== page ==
• The reason for the high occurrence of fossils could have been that the Thecodontosaurus was present in large numbers on the earth. The alternative is that it lived in such an environment where fossils were easily preserved.


  • The fossils of the Thecodontosaurus were originally paced into order Squamata.
  • Although Richard Owen described clade Dinosauria in 1842, he still classified the Thecodontosaurus as an archosaur in 1965.
  • In the year 1870, scientist Thomas Huxley acknowledged the Thecodontosaurus as a dinosaurian, but he classified it under family Scelidosauridae.
  • The Thecodontosaurus was later assigned its own family when scientists analyzed its remains more thoroughly.
  • Many species belonging to genus Thecodontosaurus were described in the subsequent years. All of these species were later transferred to other genera (like the Agrosaurus, Plateosaurus, Ankistrodon, etc) or were deemed redundant (like the Paleosaurus).
  • Only the Thecodontosaurus antiquus is considered canon today.
  • The most commonly accepted position of the Thecodontosaurus in the taxonomic tree is that was basal sauropodomorph. Some paleontologists believe that the Thecodontosaurus pre-dated the prosauropods.

Henry Riley and Samuel Stutchbury

  • Henry Riley was a physician and surgeon born in Bristol in the eighteenth century. He even delivered talks in schools and colleges about biology and nature. Riley was amongst the original founders of the Bristol Institute. Currently, this organization functions as the City Museum and Art Gallery.
  • Samuel Stutchbury was an English scientist. His primary interests were paleontology and geology. He was the curator of the Bristol Institute and this is where his association with Henry Riley began. He had performed extensive survey work in Australia during his visits in 1825 and 1850.

The Bristol Dinosaur project
The University of Bristol has been monumental in spreading awareness about the Thecodontosaurus in Bristol and its adjoining areas. It began the Bristol Dinosaur Project in 1999 to gather more evidence about the Thecodontosaurus. Under this project, reconstruction of the fossils of the Thecodontosaurus is done with the help of the general citizens. Many events are organized to that end.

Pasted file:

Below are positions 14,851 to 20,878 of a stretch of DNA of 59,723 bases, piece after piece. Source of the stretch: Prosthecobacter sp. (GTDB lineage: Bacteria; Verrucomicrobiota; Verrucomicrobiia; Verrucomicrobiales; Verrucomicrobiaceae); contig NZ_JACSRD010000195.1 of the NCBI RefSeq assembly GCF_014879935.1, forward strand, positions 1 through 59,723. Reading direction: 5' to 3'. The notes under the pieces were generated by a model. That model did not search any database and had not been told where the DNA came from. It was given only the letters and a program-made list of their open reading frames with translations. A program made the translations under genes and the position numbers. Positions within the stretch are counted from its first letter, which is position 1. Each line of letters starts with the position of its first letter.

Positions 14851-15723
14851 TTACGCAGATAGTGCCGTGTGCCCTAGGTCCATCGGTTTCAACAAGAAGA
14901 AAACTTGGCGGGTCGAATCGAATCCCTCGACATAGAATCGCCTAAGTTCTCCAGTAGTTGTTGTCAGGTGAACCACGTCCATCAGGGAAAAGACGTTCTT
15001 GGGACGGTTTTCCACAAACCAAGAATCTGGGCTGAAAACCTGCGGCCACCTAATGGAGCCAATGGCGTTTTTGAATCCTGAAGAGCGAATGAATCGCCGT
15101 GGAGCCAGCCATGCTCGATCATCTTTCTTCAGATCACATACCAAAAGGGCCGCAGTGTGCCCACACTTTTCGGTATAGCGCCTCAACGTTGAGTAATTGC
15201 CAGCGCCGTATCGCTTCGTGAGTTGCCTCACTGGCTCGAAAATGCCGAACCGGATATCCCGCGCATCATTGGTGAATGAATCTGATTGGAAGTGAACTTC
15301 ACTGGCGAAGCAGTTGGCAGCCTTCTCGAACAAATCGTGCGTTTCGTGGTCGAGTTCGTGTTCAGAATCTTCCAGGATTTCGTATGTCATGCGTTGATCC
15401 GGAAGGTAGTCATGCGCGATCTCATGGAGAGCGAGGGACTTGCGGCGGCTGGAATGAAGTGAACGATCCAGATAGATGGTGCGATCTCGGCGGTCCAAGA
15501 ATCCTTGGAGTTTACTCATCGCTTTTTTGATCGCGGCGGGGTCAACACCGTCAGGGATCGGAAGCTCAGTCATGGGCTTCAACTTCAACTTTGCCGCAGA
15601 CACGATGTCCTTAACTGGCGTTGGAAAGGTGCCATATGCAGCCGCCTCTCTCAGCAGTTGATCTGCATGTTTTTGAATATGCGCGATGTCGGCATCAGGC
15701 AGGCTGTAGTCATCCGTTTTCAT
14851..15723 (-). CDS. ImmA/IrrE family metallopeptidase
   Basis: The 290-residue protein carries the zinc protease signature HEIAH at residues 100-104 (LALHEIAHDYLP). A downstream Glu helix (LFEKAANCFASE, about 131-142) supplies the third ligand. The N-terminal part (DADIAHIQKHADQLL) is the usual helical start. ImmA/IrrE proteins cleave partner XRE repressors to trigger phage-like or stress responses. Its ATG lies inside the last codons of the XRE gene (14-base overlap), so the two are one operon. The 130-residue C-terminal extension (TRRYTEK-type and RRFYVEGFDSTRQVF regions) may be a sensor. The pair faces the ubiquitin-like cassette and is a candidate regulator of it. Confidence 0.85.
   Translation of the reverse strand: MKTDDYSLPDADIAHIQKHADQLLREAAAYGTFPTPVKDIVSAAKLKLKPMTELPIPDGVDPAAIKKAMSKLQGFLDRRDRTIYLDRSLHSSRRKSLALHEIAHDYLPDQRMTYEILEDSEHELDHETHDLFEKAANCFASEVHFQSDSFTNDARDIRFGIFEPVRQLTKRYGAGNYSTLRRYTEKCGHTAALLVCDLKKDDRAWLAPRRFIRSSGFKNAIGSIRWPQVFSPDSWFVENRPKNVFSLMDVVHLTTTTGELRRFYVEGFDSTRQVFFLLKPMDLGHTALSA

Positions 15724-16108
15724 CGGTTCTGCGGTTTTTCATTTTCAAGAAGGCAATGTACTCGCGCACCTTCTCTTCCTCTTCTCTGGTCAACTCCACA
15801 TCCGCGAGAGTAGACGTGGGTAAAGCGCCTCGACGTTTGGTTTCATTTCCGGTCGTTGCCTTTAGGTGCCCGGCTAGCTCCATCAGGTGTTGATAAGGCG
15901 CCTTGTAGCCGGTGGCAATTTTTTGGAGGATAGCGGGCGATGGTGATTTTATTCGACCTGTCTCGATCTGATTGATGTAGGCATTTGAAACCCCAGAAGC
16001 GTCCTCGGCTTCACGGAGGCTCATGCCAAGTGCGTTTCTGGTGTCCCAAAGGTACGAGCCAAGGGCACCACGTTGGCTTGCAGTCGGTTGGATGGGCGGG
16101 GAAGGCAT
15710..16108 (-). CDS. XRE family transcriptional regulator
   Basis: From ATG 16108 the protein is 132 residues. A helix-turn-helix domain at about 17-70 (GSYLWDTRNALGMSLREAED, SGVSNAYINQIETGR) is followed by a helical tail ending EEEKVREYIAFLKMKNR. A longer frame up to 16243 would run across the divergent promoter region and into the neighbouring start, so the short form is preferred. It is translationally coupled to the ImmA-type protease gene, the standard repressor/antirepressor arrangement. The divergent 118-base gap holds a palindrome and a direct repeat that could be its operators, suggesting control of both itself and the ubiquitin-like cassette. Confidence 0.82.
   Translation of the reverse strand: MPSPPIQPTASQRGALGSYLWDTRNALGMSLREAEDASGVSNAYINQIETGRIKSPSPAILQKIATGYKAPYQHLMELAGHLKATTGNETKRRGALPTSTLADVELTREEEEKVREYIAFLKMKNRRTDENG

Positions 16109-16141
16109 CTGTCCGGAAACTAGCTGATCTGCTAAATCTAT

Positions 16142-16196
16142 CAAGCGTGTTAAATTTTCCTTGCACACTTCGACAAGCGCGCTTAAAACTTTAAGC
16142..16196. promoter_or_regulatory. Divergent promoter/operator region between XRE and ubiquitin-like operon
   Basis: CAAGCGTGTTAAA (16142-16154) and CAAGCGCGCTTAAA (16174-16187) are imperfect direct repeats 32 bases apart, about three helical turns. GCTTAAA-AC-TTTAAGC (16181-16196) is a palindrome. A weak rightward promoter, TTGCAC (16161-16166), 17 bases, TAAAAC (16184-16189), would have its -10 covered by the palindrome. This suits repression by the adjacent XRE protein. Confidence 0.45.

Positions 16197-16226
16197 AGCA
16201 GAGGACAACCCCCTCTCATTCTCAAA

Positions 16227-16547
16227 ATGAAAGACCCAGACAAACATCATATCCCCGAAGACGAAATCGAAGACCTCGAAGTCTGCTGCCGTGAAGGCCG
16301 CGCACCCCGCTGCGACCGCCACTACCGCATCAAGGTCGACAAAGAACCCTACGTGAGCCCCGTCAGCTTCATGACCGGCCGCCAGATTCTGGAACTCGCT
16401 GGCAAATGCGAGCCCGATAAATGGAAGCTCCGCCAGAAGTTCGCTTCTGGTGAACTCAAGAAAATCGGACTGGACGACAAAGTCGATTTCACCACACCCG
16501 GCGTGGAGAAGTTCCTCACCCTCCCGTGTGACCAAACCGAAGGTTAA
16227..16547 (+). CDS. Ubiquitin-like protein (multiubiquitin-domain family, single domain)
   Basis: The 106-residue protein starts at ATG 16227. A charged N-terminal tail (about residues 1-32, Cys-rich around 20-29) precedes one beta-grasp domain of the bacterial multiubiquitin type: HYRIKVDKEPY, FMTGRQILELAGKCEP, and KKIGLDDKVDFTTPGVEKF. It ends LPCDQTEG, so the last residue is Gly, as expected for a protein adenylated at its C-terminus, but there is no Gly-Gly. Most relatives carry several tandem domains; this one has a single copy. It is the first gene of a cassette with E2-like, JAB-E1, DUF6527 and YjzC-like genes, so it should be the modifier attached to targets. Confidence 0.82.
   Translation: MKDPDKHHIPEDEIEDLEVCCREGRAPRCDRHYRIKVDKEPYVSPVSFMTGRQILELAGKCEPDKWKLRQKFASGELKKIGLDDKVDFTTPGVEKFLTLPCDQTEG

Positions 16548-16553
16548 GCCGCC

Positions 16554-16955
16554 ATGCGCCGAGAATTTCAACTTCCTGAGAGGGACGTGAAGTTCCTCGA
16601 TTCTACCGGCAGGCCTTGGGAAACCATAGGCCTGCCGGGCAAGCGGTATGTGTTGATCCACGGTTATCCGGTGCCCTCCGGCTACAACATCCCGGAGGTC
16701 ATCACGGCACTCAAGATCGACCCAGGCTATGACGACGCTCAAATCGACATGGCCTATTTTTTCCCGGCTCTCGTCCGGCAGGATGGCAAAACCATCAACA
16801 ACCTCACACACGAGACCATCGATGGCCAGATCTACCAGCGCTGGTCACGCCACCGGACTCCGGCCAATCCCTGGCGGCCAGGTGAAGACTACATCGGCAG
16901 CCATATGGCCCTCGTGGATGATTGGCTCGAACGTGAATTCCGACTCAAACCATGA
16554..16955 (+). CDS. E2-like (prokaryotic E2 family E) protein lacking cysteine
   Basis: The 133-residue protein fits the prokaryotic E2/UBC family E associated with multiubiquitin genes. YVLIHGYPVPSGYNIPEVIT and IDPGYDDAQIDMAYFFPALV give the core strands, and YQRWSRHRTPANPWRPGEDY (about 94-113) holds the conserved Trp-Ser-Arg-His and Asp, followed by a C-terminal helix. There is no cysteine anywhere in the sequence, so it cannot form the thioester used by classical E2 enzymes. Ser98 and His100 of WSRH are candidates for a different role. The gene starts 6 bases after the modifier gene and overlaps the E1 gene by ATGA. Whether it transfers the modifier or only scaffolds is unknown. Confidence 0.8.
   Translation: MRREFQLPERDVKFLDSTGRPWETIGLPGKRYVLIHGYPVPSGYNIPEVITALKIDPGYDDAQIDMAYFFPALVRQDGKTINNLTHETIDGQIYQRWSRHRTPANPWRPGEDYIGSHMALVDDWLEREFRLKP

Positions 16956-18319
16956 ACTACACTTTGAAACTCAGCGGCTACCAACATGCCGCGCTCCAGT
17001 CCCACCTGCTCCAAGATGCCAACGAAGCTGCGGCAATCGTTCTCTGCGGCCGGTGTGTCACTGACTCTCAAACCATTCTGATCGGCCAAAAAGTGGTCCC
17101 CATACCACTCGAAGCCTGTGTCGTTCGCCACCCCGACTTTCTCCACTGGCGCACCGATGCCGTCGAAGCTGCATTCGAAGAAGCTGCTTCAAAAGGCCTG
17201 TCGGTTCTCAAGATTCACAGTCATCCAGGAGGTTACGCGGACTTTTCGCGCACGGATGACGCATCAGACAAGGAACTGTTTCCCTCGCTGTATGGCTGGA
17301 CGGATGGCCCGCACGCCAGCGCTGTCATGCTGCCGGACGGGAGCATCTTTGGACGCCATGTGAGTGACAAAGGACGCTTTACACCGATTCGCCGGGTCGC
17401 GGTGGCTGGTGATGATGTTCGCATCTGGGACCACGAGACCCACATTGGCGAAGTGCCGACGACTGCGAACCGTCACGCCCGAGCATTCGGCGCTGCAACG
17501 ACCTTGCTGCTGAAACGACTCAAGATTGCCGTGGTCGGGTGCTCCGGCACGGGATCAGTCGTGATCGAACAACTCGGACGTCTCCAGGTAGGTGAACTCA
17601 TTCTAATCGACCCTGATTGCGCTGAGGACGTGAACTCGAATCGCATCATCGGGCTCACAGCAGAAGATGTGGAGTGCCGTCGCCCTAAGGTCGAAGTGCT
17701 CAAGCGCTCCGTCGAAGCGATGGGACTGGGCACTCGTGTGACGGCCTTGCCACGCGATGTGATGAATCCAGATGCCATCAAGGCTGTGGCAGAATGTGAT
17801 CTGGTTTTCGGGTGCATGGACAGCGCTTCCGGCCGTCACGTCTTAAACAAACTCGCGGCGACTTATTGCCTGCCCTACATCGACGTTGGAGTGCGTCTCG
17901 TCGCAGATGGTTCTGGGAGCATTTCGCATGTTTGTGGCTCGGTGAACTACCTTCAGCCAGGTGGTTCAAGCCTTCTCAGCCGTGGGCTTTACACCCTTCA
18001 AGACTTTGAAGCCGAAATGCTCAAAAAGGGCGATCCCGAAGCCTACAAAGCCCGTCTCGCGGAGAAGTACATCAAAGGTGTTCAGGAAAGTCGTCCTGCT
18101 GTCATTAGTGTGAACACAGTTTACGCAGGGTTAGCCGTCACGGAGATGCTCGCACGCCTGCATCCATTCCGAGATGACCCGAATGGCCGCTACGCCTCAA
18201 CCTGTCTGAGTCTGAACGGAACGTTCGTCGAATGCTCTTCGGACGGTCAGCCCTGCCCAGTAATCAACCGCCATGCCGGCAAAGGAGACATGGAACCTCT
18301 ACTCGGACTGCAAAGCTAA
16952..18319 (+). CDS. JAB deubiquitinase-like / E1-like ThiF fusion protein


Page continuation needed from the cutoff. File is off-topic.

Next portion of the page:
It has garnered as much as £229,000 via lotteries for the collection and preservation of Theodontosaurus fossils.

Physical features

  • The Thecodontosaurus has shown considerable morphological plasticity. The larger specimens were as much as 3 meters in length and weighed about 50 to 60 kilos. The smaller specimens were only about 1 to 1.2 meters long and weighed a modest 11 to kilos.
  • The neck of the Thecodontosaurus was much smaller than other sauropods, thus much less dexterous.
  • Its head was larger as compared to the basal sauropods of its generation.
  • The teeth of the Thecodontosaurus were spindle shaped and moderately sharp.
  • The tail of the Thecodontosaurus was much longer than the rest of its body.

Habits and habitat
The Thecodontosaurus was an herbivore. Its teeth were built to chew soft vegetation and leaves. It was most likely bipedal. It was a fast runner, using speed to elude its predators.
The Thecodontosaurus lived on the Mendip Archipelago islands near Bristol. Its habitat even in other locations in Europe comprised of grasslands and warm climates.

The discovery of the Thecodontosaurus was very important in improving the understanding dinosaurs. This was because its fossils were discovered at a stage when dinosaurs were being identified by paleontologists for the first time.
It continues to interest people in Bristol and all over the world even today.